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This article is a call to literacy teachers and researchers to embrace the possibility of attending more consciously to the senses in digital media production. Literacy practices do not occur only in the mind, but involve the sensoriality, embodiment, co-presence, and movement of bodies. This paper theorises the sensorial and embodied dimension of children's filmmaking about place in two communities in Australia. The films were created by pre-teen Indigenous and non-Indigenous children in Logan, Queensland, and by Indigenous teenagers at the Warralong campus of the Strelley Community School in remote Western Australia. The films were created through engagement in cross-curricular units that sensitised the students' experience of local places, gathering corporeal information through their sensing bodies as they interacted with the local ecology. The analysis highlights how the sensorial and bodily nature of literacy practice through documentary filmmaking was central to the children's formation and representation of knowledge, because knowledge and literacy practices are not only acquired through the mind, but are also reliant on embodiment, sensoriality, co-presence, and kinesics of the body in place.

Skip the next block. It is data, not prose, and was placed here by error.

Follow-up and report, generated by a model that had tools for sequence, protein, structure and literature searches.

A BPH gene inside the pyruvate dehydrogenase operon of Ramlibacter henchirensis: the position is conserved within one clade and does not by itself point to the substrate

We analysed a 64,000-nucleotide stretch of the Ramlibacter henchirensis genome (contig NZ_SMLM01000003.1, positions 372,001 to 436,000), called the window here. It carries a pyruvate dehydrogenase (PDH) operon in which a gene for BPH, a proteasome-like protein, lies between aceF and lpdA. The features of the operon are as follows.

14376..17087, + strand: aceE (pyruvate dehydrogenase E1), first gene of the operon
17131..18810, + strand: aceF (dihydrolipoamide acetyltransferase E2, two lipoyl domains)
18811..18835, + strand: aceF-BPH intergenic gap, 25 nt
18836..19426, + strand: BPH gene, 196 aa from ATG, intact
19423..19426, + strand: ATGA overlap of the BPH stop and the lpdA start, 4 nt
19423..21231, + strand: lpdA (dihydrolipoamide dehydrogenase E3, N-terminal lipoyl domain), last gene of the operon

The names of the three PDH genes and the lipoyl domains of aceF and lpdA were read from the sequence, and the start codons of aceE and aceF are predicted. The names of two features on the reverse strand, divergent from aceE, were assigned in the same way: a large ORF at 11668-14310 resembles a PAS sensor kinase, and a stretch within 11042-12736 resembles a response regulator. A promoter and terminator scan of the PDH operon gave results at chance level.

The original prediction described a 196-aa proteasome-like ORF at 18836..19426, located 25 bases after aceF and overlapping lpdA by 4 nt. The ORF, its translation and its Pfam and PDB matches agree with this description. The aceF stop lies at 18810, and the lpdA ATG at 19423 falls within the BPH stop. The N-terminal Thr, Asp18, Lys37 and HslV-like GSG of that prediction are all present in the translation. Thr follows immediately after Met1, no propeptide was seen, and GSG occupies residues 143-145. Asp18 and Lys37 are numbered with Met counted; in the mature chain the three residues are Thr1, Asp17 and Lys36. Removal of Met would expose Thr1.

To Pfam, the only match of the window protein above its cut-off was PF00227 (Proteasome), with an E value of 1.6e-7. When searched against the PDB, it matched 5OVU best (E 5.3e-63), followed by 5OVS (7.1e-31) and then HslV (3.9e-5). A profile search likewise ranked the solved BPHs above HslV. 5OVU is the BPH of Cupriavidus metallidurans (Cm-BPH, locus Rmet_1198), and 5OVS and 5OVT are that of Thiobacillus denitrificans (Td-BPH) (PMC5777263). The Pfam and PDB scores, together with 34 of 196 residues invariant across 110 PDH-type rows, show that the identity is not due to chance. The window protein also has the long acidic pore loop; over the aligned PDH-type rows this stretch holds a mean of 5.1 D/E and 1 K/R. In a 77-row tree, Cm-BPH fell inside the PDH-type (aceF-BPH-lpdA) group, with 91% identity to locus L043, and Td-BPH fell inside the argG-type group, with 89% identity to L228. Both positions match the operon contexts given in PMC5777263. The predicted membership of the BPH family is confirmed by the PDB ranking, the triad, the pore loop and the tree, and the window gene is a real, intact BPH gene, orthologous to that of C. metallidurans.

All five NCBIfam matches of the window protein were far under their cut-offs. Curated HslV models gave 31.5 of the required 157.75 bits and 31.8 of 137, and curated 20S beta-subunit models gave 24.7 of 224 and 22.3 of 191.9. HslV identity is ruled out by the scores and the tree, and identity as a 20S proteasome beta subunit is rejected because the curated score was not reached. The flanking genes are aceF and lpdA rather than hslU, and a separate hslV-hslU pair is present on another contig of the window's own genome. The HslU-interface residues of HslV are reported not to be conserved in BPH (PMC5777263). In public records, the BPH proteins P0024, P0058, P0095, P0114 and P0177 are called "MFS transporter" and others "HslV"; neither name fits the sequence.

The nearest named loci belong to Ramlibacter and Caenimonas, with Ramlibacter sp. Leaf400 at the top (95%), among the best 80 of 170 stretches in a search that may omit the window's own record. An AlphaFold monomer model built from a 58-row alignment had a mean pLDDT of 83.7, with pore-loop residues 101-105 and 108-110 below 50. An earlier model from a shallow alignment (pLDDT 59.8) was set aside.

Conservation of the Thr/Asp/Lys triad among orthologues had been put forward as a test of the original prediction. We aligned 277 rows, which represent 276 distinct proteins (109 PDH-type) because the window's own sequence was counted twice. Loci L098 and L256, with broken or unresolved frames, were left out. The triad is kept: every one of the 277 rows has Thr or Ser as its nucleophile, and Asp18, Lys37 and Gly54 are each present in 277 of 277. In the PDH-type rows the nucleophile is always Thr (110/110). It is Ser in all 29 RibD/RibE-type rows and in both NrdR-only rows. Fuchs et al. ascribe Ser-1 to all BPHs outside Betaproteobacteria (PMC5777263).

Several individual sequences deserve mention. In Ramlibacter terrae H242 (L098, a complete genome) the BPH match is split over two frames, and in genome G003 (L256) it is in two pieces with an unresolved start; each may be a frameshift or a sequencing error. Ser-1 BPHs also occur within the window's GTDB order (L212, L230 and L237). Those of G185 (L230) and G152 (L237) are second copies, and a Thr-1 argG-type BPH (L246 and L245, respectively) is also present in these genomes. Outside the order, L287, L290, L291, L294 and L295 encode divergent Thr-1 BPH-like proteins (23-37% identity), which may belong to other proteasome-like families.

Institute for Learning Sciences and Teacher Education

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Journal Article

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